Ilan Pappé, an anti-Zionist Israeli historian and professor at the University of Exeter in England, faced criticism recently for his guest lectures at the California State Universities in Northridge, San Luis Obispo, and Fresno.
Pappé, known for his belief that Zionism is more dangerous to the Middle East than Islamic militancy, gave a lecture entitled “The False Paradigm of Parity and Partition: Revisiting 1967.” The lecture discussed Israeli policy preceding and following the Six-Day War in 1967, and how he believes this policy obstructs the peace process in the region.
The AMCHA Initiative, a pro-Zionist, California-based organization that seeks to protect the interests of Jewish students, sent a letter to the CSU chancellor and the presidents of the three schools, claiming that, “There is a serious misuse of taxpayer money to promote virulently anti-Israel activity on three California State University campuses.”
The letter continued to state that support for a lecture of this nature does not contribute to educational values, but purports “propagandizing purposes.”
Tammi Benjamin, co-founder of the AMCHA Initiative, said that the primary organizers and promoters of the lectures include two professors and a dean that are well-known for anti-Israel sentiments.
“In organizing the talks by Ilan Pappé on their campuses, these three CSU employees are clearly using their university positions and taxpayer-supported university resources to promote their own personal political assault against the Jewish state,” Benjamin stated.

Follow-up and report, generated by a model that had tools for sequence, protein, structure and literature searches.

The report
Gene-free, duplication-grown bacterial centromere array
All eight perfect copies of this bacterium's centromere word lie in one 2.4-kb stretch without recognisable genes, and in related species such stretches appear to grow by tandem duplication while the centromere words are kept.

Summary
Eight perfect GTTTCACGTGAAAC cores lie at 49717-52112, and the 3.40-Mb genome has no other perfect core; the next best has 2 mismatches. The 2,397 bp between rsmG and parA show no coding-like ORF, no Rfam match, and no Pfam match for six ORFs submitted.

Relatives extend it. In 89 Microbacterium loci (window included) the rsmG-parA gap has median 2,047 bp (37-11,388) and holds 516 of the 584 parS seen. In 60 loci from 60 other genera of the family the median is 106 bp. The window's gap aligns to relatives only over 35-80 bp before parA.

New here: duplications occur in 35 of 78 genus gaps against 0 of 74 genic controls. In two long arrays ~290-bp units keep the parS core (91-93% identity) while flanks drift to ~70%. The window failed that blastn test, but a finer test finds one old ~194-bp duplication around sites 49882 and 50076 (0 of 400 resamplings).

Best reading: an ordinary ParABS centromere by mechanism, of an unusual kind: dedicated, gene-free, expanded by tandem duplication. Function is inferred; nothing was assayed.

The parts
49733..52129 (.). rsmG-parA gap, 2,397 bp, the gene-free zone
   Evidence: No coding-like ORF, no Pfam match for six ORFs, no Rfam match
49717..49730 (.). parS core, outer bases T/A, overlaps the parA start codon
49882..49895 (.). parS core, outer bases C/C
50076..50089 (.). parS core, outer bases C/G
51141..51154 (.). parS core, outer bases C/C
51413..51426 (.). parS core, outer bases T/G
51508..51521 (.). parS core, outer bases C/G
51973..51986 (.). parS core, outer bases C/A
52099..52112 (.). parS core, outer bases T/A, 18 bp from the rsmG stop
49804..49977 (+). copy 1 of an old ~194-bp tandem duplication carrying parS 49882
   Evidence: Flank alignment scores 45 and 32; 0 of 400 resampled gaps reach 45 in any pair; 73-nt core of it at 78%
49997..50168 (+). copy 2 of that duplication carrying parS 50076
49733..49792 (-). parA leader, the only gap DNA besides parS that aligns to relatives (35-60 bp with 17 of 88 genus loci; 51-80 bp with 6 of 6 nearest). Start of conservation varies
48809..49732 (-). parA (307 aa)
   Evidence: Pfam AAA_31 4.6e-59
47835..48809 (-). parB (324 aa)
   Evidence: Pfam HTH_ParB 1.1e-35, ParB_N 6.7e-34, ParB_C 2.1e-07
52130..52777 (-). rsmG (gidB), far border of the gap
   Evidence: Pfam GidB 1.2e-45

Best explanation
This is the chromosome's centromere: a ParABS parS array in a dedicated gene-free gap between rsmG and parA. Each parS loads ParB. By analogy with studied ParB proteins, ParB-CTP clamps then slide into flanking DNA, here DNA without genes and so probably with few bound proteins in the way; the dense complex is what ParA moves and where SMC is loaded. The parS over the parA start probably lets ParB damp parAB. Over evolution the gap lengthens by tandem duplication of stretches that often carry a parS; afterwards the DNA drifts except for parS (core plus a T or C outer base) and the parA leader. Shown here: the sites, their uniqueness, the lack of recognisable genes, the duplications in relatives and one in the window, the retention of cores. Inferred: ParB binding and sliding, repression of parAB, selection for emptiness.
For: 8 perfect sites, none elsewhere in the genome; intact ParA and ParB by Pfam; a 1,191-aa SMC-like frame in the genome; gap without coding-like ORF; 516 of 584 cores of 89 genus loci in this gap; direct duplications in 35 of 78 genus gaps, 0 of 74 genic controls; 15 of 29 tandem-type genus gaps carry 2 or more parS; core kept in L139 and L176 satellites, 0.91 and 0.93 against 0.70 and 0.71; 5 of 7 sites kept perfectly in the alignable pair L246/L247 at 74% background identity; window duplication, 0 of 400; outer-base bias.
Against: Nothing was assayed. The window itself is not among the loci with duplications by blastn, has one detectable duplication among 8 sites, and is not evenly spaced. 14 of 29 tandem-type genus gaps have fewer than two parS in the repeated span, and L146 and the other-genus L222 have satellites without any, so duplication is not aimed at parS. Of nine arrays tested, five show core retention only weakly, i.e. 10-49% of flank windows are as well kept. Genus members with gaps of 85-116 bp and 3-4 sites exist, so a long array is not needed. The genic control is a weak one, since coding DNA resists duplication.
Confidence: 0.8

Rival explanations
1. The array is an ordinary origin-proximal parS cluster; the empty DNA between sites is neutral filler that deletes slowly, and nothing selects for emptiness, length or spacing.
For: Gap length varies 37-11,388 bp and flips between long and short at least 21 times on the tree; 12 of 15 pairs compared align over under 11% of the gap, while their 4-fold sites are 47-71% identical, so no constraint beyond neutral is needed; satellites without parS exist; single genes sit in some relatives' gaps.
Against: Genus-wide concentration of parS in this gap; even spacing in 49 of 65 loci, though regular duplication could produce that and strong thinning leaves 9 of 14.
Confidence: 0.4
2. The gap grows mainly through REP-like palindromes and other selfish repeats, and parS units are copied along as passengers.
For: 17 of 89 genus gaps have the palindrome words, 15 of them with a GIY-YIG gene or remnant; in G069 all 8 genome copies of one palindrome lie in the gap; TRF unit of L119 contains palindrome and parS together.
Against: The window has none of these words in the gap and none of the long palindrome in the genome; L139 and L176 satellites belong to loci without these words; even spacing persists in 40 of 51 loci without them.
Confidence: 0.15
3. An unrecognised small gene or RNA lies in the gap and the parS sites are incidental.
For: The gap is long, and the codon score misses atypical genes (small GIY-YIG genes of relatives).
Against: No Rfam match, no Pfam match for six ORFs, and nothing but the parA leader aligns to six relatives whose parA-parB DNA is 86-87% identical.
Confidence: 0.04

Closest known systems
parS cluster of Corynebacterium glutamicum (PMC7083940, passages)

In a response to the growing opposition, the presidents of the three schools issued a letter that read, “Our universities do not endorse any particular position, but emphatically support the rights of people to express and hear all points of view. There is no danger to a free society in allowing opposing views to be heard. The danger, instead, is in censoring them.”
The presidents said they stand behind their choice to allow Pappé to speak, stating that this issue is one of free speech and that Pappé has as much of a right to speak as anyone else.
Opponents still question the value of free speech when it cultivates such strong hostility towards a country and a group of people.
Pappé was born in Haifa, Israel, in 1954, after his parents had fled Nazi Germany in the 1930s. They later found refuge in the state against which he protests, and he was eventually drafted by the Israeli Defense Forces when he was 18 years old to fight during the Yom Kippur War in 1973. In 1984, he acquired a doctorate in history from the University of Oxford under the tutelage of the Arab historian, Albert Hourani. He soon developed his strong anti-Israel and anti-Zionist sentiments, becoming a fervent supporter of a One-State Solution; a policy that would ultimately eclipse the Jewish majority in Israel.